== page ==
An expert panel discussed how the Covid-19 pandemic has pushed data accessibility forward during last week’s MGAA conference 

MGAA Conference 2021: Data accessibility for MGAs used to be very expensive, however in the last few years there has been a shift towards easier data access, according to Andre Symes, co-chief executive at Genasys.

Panel MGAA 2021_new normal

L to R: Andre Symes, Genasys; Paul Dooley, GAII and Sharon Brown, Harbour Underwriting; chair, Catrin Shi, Insurance Insider 

Speaking during a panel discussion called What’s the new normal? at the Managing General Agents’ Association’s (MGAA) 2021 conference on 15 September, Symes told delegates: “There’s now a plethora of data providers that has given MGAs the option. These things were very expensive a few years back, but now everybody has access to it.”

The trend towards greater data access has been further pushed forward by the Covid-19 pandemic - this saw most companies forced to work remotely to adhere to the government’s social distancing guidelines.

MGA Harbour Underwriting was able to take advantage of this improved data accessibility to invest in an underwriting programme.

The firm’s managing director Sharon Brown said this has provided the business with ”greater admin control”. 

She continued: ”Having that information or data then allows you to go back to individual brokers or intermediaries. It gives us the opportunity to build relationships and to be very precise about our underwriting criteria, so I think the multitude of opportunities for the utilisation of data are huge.”

One such opportunity is around bringing new employees up to speed faster.

 “What Covid has produced is an opportunity for new starters in organisations - we probably get [them] into the system a bit quicker. We found that once you have done all that processing, you then need to start integrating them [into] the business and really developing them as people.”

However, she warned that caution should still be maintained when applying and using data.

For Paul Dooley, UK commercial director and divisional marketing and communications officer at Great American International Insurance UK (GAII), increased data accessibility translates into being able to deliver a swifter service for insurers.

He explained: “From an MGA’s perspective, it’s about delivering quality service to its partners and being about to represent risks on data to their insurer partners, so the speed at which that happens is crucial in terms of delivering service excellence.”

Bending provisions

However, one barrier to providing a quality service for partners - according to Brown - is MGAs being able to procure suitable service providers tailored for their businesses.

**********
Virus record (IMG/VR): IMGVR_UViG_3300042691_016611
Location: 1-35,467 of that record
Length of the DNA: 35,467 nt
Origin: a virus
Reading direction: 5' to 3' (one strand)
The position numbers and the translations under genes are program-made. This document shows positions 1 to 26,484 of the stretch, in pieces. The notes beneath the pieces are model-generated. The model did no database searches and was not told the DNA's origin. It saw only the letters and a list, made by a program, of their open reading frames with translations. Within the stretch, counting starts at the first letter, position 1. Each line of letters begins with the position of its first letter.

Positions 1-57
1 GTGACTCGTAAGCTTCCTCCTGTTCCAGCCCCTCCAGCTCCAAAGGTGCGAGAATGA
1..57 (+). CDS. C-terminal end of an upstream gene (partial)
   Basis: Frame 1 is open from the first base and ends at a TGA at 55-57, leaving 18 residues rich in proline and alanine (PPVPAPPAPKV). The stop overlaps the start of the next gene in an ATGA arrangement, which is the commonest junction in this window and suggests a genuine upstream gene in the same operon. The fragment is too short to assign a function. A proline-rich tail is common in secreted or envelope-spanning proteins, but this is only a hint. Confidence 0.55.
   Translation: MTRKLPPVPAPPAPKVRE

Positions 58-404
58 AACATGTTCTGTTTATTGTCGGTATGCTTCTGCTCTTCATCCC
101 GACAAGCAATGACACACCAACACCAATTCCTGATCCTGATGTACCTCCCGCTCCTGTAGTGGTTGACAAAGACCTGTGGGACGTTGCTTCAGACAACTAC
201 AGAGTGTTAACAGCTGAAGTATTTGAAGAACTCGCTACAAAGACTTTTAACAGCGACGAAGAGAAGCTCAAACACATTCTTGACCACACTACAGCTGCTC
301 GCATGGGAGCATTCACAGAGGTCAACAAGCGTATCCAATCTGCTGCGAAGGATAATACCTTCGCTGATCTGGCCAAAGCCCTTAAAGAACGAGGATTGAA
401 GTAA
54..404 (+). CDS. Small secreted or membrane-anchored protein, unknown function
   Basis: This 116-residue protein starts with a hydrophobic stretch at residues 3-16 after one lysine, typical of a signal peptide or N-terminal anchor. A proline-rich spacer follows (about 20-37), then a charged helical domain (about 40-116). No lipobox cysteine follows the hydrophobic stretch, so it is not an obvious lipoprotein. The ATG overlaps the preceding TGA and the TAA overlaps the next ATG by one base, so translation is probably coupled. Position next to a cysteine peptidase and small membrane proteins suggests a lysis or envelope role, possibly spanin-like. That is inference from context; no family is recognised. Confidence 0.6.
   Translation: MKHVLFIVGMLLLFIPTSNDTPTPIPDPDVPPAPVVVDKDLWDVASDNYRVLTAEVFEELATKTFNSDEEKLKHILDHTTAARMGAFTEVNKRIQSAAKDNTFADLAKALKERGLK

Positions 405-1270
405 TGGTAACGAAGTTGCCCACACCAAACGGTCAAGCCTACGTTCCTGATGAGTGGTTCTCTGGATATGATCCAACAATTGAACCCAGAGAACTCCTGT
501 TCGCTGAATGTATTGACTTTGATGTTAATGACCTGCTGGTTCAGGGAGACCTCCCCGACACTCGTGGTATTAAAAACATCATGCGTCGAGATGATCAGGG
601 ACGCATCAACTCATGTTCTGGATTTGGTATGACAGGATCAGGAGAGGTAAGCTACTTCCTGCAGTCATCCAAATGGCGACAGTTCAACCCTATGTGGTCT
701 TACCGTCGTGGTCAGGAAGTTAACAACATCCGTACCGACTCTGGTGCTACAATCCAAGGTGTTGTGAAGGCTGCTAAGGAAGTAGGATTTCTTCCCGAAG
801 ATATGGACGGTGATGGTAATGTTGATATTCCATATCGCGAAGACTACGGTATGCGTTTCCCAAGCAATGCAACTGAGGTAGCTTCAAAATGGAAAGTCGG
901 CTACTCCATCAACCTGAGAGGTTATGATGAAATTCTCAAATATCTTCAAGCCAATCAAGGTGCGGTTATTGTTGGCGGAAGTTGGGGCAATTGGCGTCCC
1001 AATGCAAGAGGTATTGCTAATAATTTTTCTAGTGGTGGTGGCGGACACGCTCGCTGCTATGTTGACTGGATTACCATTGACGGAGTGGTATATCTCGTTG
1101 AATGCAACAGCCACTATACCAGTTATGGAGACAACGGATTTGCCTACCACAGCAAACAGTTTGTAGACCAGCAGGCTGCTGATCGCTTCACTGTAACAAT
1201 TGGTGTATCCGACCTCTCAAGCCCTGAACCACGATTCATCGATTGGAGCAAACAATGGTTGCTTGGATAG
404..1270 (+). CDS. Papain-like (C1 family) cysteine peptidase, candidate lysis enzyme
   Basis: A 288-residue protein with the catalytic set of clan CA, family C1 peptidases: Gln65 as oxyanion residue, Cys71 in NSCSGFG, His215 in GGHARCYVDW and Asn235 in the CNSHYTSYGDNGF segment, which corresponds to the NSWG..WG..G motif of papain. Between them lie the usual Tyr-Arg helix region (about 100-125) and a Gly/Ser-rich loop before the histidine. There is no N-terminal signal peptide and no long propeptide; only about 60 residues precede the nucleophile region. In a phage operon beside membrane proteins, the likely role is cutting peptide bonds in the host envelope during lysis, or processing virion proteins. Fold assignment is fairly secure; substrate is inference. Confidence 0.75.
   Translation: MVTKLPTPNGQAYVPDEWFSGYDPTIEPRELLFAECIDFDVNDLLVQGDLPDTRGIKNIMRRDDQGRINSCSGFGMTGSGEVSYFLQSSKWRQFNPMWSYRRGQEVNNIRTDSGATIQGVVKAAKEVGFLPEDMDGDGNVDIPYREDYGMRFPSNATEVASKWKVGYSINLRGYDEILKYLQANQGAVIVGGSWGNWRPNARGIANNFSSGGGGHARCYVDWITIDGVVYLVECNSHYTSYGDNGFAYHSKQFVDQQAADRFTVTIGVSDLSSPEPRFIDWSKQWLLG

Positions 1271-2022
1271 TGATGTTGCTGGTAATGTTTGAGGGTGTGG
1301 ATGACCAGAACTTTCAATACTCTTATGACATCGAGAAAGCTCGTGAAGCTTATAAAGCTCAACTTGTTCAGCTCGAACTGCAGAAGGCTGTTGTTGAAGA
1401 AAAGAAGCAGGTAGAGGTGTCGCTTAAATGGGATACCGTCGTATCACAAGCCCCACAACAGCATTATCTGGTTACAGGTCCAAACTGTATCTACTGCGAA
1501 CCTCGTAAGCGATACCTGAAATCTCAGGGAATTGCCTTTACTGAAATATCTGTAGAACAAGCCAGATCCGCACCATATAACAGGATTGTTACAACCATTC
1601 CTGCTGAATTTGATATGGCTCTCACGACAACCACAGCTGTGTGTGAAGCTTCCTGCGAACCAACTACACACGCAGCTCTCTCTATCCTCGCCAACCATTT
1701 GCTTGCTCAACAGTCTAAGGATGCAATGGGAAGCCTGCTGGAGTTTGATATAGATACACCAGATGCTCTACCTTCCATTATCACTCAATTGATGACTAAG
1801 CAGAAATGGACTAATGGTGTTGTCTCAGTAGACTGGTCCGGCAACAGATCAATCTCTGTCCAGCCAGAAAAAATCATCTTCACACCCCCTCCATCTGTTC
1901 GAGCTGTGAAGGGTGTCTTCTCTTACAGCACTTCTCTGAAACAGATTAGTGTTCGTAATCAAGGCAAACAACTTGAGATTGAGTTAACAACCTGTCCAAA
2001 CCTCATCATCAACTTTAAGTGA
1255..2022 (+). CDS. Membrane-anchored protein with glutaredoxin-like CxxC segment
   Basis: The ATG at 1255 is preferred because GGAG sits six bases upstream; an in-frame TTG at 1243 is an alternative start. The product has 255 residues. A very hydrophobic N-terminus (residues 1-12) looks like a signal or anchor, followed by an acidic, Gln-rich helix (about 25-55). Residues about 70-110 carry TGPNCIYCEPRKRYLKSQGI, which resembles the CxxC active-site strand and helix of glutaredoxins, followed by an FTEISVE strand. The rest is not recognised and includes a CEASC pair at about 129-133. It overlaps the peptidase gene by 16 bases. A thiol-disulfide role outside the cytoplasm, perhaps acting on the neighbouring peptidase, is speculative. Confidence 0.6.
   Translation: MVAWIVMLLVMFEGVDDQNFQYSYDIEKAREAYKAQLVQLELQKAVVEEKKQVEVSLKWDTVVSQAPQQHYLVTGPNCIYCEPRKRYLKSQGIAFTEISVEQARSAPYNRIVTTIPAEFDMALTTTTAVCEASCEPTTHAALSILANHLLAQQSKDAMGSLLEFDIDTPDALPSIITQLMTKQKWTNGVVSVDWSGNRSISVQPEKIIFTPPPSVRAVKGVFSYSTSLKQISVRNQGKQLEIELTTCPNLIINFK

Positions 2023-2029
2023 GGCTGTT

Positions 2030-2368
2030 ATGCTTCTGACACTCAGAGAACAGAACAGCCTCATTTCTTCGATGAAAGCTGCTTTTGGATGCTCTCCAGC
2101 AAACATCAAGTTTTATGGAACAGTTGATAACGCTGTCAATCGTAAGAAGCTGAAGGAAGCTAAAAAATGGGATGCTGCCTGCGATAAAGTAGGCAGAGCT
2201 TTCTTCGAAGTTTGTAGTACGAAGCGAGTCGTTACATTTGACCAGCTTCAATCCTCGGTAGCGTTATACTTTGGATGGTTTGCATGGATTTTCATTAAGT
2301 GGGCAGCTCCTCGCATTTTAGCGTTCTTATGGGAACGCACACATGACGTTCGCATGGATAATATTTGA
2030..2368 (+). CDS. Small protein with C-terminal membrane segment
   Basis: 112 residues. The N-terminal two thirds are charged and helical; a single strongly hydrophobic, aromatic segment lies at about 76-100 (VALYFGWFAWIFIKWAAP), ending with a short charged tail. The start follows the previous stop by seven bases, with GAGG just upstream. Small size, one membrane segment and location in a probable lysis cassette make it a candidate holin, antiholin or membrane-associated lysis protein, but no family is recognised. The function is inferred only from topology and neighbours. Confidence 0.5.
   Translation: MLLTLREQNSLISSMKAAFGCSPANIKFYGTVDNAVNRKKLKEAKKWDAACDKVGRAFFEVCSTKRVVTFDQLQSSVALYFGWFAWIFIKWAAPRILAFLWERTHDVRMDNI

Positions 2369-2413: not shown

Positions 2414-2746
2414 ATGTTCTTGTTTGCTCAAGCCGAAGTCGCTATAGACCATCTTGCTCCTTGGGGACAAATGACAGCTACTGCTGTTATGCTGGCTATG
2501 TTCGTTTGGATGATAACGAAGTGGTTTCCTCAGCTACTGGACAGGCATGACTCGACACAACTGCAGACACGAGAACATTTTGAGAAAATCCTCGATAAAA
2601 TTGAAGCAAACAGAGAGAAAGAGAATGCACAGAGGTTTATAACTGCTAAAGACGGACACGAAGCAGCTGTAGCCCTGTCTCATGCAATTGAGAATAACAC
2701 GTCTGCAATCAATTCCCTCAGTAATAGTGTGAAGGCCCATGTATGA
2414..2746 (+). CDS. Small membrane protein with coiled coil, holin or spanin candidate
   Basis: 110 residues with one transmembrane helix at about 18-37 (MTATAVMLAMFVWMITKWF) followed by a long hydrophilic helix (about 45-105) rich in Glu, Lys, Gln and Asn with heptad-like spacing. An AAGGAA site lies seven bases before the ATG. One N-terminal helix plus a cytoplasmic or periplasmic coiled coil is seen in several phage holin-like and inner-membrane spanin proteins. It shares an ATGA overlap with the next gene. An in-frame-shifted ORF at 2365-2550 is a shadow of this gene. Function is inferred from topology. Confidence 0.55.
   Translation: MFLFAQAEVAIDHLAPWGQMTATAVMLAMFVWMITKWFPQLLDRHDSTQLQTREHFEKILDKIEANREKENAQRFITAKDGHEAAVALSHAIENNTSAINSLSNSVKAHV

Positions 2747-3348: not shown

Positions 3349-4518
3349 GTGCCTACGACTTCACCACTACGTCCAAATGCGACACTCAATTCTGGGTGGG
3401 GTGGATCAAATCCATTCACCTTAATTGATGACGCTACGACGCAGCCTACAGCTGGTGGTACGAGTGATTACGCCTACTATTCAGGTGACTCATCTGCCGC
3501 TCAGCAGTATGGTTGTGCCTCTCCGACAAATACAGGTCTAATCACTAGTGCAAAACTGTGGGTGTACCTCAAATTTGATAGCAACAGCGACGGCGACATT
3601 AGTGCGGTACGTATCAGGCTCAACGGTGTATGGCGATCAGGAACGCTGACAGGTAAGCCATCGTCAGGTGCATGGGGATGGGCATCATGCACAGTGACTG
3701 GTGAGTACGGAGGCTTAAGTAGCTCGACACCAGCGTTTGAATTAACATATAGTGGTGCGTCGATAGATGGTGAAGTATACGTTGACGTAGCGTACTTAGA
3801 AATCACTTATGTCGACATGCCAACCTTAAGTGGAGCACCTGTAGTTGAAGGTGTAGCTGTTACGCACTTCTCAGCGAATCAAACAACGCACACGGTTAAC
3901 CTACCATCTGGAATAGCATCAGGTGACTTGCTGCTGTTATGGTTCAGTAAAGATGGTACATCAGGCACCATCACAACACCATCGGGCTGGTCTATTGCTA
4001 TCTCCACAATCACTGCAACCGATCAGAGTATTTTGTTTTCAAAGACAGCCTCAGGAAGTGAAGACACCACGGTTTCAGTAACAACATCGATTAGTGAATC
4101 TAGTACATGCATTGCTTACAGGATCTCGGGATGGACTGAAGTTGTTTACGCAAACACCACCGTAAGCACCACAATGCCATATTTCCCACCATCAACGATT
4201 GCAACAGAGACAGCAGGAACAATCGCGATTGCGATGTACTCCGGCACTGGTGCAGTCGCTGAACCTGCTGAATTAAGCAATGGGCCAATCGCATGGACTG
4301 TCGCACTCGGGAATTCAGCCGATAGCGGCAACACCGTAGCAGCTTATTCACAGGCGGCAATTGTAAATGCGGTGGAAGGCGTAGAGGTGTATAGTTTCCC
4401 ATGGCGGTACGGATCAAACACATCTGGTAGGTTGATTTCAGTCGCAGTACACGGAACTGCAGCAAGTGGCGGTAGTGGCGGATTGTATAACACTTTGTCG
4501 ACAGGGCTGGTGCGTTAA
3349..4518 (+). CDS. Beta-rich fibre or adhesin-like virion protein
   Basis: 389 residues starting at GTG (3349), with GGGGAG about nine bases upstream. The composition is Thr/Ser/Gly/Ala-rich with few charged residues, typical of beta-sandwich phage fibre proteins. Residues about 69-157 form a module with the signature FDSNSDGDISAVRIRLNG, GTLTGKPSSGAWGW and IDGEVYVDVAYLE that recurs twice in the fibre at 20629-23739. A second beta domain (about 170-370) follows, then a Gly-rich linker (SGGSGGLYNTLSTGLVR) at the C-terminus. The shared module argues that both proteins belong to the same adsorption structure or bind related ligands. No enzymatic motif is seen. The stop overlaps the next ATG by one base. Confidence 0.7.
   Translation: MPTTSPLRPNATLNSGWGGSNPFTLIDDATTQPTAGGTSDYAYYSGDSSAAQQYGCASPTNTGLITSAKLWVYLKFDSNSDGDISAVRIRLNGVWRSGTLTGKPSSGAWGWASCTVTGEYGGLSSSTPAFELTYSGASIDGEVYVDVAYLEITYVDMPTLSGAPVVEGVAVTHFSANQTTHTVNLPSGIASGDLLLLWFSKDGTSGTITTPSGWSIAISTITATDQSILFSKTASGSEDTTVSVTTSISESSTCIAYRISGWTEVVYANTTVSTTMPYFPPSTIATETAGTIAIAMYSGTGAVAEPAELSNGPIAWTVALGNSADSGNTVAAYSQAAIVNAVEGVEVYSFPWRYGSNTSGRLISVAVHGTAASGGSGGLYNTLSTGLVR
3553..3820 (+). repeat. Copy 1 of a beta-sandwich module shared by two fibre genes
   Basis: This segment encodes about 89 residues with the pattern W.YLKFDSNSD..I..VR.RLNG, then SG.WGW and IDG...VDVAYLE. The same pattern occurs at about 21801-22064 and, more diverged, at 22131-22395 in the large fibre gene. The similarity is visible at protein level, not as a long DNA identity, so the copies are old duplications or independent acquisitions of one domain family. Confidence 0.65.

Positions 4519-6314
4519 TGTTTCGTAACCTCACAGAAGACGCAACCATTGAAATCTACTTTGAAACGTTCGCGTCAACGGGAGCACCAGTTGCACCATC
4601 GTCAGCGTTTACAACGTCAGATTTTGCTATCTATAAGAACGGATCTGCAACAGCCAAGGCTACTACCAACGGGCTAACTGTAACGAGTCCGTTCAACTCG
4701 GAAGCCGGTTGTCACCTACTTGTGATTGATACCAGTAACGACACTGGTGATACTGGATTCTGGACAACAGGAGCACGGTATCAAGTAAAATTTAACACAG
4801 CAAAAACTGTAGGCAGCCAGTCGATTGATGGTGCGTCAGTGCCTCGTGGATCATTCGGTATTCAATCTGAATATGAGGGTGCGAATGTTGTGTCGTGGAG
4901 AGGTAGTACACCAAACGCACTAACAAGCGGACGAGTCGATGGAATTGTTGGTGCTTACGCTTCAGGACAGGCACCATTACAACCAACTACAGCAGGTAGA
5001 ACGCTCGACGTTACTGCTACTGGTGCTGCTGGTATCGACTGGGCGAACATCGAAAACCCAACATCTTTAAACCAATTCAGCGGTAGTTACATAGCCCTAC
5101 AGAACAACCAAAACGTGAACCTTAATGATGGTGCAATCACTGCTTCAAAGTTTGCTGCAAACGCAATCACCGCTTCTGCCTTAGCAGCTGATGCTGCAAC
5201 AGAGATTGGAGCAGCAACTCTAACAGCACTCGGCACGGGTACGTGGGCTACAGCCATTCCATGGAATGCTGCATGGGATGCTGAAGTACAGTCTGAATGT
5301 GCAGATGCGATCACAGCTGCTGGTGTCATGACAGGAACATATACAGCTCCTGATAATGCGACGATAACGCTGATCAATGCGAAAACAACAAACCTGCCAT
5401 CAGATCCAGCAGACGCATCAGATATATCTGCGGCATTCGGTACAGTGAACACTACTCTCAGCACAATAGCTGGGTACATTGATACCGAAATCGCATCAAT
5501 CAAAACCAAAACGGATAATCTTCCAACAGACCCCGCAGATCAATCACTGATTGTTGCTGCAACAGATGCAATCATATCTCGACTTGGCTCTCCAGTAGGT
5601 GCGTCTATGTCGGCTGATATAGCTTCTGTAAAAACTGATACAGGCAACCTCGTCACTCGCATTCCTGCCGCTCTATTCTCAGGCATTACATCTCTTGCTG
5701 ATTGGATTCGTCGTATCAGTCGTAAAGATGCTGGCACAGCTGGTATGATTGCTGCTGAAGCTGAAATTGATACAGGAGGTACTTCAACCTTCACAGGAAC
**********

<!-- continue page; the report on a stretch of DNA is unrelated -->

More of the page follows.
Reflecting on Harbour Underwriting’s process of obtaining a service provider for its underwriting system, Brown said: “Technology provision has been really slow to provide really good MGA systems.

“What has happened is the utilisation of a brokerage system has basically been bastardised into an MGA system, so we are bending the provision of a broking system into an MGA system and thinking it does not make sense in an MGA environment.”

She deemed this an “odd way to do things” and said she would like to see a technology provider start from the beginning with an MGA in mind, rather than just trying to use systems that already exist - although she questioned whether there would be a financial return on this.

Symes agreed with Brown’s viewpoint and responded by saying that the technology sector was working to solve this issue.

“The challenges that any new startup has is the complexity of insurance,” he said. ”While we see new businesses popping up, it’s going to take them some time to be comprehensive. So, for the time being, they are probably going to have to compromise somewhere.

“But it’s a very valid point that systems are often bastardised and plugged into the holes they shouldn’t be - that creates inefficiency and not just that, it’s a bad case for IT projects.”

Brown pointed out that a great deal of money is invested in these types of IT projects and that the issue of legacy systems is further complicated through mergers and acquisitions.

Symes added: “The majority of customers that we deal with are in the general insurance [arena] and are open to embracing technology.”

Meanwhile, Brown noted that it would be useful for client relationship systems to be integrated with underwriting systems, to create a more streamlined workflow.

“Fundamentally, we are all acting on behalf of the insurer and the language just needs to be changed to match that of an MGA,” she said.

Dooley flagged that cost is always a consideration with this type of work, however, making it a “balancing act”.